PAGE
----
First published in 1924, this unique title provides an extremely valuable early Twentieth Century perspective on Jane Austen, offering analysis from both sides of the channel. The book includes both a translated study of Jane Austen by French academic Léonie Villard, and a study by influential biographer and critic, R. Brimley Johnson.
Johnson's study, made with particular reference to the unpublished epistolary novel, Love and Friendship, seeks to redress the balance of contemporary criticism of Austen, challenging the established links between Austen and Nineteenth Century realism, and suggesting instead that her work owes a great deal to the conventions of romance. He also demonstrates how her art transformed from the parody of Nothanger Abbey to the portraiture of the later novels.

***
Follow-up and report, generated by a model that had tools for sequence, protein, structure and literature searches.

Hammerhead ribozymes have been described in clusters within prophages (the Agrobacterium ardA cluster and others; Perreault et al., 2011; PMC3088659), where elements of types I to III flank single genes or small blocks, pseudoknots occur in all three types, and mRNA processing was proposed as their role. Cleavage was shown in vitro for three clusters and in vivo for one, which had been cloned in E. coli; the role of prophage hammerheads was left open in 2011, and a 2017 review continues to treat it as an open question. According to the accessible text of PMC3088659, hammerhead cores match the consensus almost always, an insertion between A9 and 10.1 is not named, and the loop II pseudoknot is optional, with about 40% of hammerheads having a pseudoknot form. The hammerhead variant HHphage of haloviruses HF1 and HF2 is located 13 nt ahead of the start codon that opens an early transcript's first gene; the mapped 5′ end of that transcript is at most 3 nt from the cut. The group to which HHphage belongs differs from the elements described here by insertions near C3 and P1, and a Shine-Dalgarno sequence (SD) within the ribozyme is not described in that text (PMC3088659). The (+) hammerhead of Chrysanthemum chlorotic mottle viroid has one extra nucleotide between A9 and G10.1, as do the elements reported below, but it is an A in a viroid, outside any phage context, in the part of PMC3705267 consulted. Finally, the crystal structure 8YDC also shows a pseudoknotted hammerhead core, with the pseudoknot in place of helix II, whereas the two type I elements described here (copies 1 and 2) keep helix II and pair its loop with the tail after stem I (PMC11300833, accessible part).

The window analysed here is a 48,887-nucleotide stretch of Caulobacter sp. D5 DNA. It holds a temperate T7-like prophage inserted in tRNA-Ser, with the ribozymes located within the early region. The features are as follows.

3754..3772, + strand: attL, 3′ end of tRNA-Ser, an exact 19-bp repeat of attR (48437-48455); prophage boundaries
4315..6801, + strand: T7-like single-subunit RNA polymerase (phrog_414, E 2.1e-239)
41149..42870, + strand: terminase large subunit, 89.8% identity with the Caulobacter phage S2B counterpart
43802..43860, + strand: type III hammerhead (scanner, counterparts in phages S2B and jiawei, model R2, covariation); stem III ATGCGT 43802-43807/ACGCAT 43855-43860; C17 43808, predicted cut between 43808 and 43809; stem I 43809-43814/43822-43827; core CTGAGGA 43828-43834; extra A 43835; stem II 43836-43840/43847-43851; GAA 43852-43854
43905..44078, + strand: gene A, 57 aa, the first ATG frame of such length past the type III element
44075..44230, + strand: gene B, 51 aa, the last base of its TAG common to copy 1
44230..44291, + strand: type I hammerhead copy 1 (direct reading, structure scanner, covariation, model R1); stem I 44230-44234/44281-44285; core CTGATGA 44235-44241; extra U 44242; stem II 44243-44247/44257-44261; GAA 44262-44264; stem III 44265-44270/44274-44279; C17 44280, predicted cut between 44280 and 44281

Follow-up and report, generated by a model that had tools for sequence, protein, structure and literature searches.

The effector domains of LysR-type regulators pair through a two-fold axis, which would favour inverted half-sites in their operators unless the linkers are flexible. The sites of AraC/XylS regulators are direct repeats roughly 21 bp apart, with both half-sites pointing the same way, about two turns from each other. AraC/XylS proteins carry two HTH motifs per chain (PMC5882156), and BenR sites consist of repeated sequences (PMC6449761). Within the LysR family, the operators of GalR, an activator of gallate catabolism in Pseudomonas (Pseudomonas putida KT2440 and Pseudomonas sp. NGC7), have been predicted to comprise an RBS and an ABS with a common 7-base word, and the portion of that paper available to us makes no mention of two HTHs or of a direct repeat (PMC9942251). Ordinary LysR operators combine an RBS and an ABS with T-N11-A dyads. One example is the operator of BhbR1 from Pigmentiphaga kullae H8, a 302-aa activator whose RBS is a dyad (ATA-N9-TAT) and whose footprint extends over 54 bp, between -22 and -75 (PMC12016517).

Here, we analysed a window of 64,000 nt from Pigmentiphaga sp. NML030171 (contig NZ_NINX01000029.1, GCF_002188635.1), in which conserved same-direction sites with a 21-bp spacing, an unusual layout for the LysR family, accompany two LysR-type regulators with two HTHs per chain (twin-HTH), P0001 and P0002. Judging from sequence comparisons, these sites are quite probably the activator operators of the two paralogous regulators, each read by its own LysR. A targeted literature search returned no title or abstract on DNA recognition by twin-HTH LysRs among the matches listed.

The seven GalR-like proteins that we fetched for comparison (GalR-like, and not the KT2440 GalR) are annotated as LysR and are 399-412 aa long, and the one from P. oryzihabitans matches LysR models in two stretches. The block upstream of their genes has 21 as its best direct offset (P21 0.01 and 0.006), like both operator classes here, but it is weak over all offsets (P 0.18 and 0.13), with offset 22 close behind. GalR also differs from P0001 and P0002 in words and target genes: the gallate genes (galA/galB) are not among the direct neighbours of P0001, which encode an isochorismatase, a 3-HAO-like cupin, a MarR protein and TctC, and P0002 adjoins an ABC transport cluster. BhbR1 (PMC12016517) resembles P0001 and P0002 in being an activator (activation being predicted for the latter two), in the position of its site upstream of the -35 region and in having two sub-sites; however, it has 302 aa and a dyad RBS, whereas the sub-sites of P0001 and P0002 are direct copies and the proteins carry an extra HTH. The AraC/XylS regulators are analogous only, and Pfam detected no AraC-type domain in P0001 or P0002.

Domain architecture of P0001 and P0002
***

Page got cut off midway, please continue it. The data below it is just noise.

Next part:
Léonie Villard's ambitious work analyses a variety of topics relating to Austen's work, including women and marriage, psychology, satire, the gentry and the lasting value and scope of the novels. All in all, a very engaging, informative and insightful reissue.